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How the Extinction of Dinosaurs May Have Led to the Creation of Wine

Grapes established a foothold in the world after the dinosaurs were no longer a factor in their environment.
Representative Cover Image Source: Pexels | Photo by  Andrew Taylor
Representative Cover Image Source: Pexels | Photo by Andrew Taylor

The extinction of Dinosaurs paved the way for grapes to flourish in the world, a new study reveals.

Research published in the journal Nature Plants, based on the discovery of fossilized grape seeds ranging from 60 to 19 million years old in Colombia, Panama, and Peru, examines the history of the fruit, and how the extinction of dinosaurs helped their survival.

Representative Image Source: Pexels | Photo by Lisa Fotios
Representative Image Source: Pexels | Photo by Lisa Fotios

An asteroid struck the earth 66 million years ago and wiped out huge swathes of animals and plants from the face of the planet, CNN reported.

The fossilized grape seeds found by researchers in Colombia, Panama, and Peru all range from 19 million to 60 million years old, CNN reported. This implies that the fruit established a foothold in the world after the dinosaurs were no longer around.

“These are the oldest grapes ever found in this part of the world, and they’re a few million years younger than the oldest ones ever found on the other side of the planet,” said lead study author, Fabiany Herrera, an assistant curator of paleobotany at the Field Museum in Chicago’s Negaunee Integrative Research Center.

“This discovery is important because it shows that after the extinction of the dinosaurs, grapes really started to spread across the world,” Herrera said.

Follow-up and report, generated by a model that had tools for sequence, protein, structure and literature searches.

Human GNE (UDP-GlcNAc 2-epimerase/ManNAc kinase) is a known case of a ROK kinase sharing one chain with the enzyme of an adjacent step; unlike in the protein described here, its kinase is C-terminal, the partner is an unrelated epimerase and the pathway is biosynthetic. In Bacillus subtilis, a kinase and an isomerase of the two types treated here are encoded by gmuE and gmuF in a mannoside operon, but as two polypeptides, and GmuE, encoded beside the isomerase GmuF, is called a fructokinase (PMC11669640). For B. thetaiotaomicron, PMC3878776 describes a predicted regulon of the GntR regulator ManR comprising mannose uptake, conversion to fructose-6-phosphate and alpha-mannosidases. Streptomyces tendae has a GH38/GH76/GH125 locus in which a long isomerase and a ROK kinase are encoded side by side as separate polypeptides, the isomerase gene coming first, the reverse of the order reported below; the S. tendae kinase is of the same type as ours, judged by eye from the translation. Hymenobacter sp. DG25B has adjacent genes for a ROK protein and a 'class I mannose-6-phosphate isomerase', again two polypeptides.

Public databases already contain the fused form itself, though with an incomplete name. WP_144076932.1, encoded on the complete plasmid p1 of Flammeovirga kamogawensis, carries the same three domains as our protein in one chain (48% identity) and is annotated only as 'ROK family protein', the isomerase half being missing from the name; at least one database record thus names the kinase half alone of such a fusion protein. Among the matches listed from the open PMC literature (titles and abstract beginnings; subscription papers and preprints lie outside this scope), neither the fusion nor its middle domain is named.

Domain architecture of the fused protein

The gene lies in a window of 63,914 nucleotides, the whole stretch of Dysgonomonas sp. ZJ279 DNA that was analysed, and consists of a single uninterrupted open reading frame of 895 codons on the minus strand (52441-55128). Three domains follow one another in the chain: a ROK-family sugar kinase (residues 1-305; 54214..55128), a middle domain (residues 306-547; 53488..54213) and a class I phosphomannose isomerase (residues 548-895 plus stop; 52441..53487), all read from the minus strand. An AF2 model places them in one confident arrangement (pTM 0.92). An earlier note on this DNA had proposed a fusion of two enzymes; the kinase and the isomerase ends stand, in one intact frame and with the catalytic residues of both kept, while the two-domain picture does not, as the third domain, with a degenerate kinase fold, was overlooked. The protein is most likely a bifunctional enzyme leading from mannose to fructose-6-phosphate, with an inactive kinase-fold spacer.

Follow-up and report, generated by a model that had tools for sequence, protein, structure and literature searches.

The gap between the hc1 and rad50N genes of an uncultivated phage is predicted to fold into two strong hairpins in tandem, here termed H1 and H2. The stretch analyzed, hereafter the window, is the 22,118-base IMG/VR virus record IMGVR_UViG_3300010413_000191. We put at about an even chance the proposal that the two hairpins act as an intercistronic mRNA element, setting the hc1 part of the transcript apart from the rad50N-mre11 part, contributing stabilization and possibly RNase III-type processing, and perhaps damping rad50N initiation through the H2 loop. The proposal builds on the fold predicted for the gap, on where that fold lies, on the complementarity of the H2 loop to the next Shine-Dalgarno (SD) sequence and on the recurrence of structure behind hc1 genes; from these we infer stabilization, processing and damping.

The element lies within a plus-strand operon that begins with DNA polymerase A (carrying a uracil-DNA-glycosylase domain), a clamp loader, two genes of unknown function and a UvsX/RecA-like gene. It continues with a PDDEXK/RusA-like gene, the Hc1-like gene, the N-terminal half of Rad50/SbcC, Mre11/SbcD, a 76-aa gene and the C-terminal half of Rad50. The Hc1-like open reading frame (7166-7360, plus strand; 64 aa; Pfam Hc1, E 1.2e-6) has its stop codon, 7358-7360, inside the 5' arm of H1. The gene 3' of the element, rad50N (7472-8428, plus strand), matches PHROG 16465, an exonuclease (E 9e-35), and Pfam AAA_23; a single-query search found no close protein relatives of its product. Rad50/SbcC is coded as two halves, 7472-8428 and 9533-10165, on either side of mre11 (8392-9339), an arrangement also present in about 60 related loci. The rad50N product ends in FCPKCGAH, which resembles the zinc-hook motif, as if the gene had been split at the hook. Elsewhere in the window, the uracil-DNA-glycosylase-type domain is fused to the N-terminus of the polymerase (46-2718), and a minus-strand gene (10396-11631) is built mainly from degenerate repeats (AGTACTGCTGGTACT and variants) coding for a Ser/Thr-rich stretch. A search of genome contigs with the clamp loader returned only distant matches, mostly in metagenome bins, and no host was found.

Herrera further explained in the statement that the extinction of dinosaurs caused the forests to reset themselves, which changed the composition of various plants, the Independent reported.


It is hard to study the impact of mass extinction on plants because soft tissues generally do not get preserved as fossils. Seeds, however, often do become fossilized and the recent discovery of several examples has helped the researchers to reveal the history of grapes.

The earliest known fossilized grapes were located in India and dated to around 66 million years ago, during the time dinosaurs disappeared due to the asteroid, CNN reported. This discovery was made by Herrera’s PhD advisor, Steven Manchester. 

The nature of the forests changed when dinosaurs disappeared according to the study. The researchers found that forests in South America became more crowded around the time the world was adjusting to the disappearance of dinosaurs. 

Dinosaurs likely knocked down trees and kept the forests open, the Independent reported. Their absence allowed the forests to become more dense.

This phenomenon benefited climbing plants like grapes, CNN reported. “In the fossil record, we start to see more plants that use vines to climb up trees, like grapes, around this time,” Dr Herrera said.

Representative Image Source: Pexels | Photo by Dalila Dalprat
Representative Image Source: Pexels | Photo by Dalila Dalprat

Grapes were also helped by the fact that birds and mammals had to go through adaptations in the changing world, the Independent reported. The changes aided in the spread of grape seeds.

Herrera's objective for the research was to find other areas where grape fossils existed, CNN reported.

“Grapes have an extensive fossil record that starts about 50 million years ago, so I wanted to discover one in South America, but it was like looking for a needle in a haystack,” Herrera said. “I’ve been looking for the oldest grape in the Western Hemisphere since I was an undergrad student.”

Herrera was finally successful when study coauthor, Mónica Carvalho, spotted a fossil during fieldwork in the Colombian Andes in 2022, CNN reported. On analysis, it turned out to be a 60 million-year-old grape seed fossil trapped in rock, one of the first to be found in South America.

The new species was named Lithouva susmanii, or  “Susman’s stone grape,” in honor of Arthur T. Susman, who has been a supporter of South American paleobotany at the Field Museum.

Herrera believes that the discovery provides some enlightening facts about grapes, the Independent reported.

“The fossil record tells us that grapes are a very resilient order. They’re a group that has suffered a lot of extinction in the Central and South American region, but they also managed to adapt and survive in other parts of the world,” he said.

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